There is one systematic review on this topic. This study was published in the American Journal of Clinical Nutrition, which is the most respected journal in their discipline. As so, I consider this study perhaps the most important publication on this topic. Main conclusion was that the literature is scarce with regard to intermittent fasting. Small studies have been published, and these studies have shown positive outcomes with intermittent fasting. It is evident that these findings must be replicated in a study population reaching 1000+ participants.
Some sources claims that currently they are conducting the largest study in intermittent fasting in Sweden, lead by professor Kerstin Brismar. Apparently the preliminary results are encouraging. No published studies are yet available. Following pages (in Swedish) have some more information: svt.se & Karolinska Institutet. Prof Brismar is a well-known researcher in metabolism and has a great credibility in her field. I am looking forward to their results.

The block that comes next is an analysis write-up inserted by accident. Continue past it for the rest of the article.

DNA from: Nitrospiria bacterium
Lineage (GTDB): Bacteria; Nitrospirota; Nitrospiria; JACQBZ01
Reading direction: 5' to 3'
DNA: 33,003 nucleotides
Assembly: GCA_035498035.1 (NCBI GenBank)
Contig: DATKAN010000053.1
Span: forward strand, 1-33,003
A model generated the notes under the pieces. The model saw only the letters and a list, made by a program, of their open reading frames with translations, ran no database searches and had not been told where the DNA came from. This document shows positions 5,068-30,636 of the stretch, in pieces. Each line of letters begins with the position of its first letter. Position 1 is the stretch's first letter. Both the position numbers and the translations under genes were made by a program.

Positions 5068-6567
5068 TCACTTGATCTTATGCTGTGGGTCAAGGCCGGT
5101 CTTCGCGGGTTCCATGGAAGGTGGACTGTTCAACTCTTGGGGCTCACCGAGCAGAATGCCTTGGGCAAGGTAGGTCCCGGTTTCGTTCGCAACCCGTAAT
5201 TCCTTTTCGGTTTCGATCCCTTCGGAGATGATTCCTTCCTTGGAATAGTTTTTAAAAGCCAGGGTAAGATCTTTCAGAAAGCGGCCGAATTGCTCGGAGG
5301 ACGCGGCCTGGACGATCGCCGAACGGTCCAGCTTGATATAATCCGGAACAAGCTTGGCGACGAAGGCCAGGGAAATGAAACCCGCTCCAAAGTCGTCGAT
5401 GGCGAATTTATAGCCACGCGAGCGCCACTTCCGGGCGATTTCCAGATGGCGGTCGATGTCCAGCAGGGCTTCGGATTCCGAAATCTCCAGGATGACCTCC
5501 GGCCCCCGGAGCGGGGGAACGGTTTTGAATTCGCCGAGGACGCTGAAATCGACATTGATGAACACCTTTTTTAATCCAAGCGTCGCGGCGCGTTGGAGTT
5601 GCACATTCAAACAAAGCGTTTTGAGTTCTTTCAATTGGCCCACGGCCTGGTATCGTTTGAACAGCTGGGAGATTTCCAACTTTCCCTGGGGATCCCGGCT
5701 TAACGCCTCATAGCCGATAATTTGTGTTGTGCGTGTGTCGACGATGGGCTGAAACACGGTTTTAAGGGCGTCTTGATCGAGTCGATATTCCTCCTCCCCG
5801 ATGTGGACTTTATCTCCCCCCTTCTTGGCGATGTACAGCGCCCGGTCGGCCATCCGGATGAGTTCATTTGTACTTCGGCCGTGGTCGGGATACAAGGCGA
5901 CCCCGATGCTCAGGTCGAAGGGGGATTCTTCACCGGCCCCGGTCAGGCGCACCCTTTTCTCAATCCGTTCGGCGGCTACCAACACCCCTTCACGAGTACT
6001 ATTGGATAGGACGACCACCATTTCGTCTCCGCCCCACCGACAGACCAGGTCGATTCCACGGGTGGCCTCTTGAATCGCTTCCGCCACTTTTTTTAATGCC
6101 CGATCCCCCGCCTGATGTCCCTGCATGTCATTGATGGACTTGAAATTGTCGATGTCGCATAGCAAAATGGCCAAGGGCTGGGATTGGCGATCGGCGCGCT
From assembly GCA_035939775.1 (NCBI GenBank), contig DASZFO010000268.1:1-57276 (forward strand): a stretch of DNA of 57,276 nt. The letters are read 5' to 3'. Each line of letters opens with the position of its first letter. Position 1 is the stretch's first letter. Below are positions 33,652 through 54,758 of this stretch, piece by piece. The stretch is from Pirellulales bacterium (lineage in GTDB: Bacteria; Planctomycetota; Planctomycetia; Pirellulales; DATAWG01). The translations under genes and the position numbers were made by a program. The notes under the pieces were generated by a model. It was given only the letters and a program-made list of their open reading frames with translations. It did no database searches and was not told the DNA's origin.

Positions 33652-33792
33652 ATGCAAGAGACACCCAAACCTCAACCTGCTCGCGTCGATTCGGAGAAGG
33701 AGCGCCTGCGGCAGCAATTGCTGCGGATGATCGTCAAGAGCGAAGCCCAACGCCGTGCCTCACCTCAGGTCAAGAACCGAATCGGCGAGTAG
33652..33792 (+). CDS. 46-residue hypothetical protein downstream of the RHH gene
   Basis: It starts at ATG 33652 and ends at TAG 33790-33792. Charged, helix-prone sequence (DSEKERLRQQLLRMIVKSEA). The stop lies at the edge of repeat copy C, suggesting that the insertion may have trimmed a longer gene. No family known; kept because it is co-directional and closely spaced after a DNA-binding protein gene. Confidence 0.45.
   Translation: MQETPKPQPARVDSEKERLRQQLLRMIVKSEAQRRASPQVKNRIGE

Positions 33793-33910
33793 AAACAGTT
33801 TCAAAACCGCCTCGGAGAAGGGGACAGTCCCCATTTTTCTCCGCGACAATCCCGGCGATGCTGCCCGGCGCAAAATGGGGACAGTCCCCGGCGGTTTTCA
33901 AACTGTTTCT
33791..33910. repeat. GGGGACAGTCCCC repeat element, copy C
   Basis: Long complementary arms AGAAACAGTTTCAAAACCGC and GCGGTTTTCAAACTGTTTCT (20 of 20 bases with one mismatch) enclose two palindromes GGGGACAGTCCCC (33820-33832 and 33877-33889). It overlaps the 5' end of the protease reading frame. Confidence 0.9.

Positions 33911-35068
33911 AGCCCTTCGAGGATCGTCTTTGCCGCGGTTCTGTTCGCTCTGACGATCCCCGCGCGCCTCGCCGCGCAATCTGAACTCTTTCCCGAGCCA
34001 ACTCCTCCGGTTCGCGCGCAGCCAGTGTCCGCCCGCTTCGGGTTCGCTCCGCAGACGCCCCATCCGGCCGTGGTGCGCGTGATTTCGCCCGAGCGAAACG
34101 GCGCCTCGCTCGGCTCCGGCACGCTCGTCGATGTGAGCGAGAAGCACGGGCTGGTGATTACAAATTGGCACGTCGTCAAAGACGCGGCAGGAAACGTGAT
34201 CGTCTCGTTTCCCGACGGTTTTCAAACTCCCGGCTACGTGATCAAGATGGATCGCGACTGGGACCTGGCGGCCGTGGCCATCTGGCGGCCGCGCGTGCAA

There are hardly any harms with intermittent fasting, I think. But I think it has a great pit fall. One must have strong spirit and psyche, since the human nature has a tendency to give "rewards". In this case it means that after two fasting days one should not eat more than is normal (+no candy etc.), since this would ruin the meaning of the diet.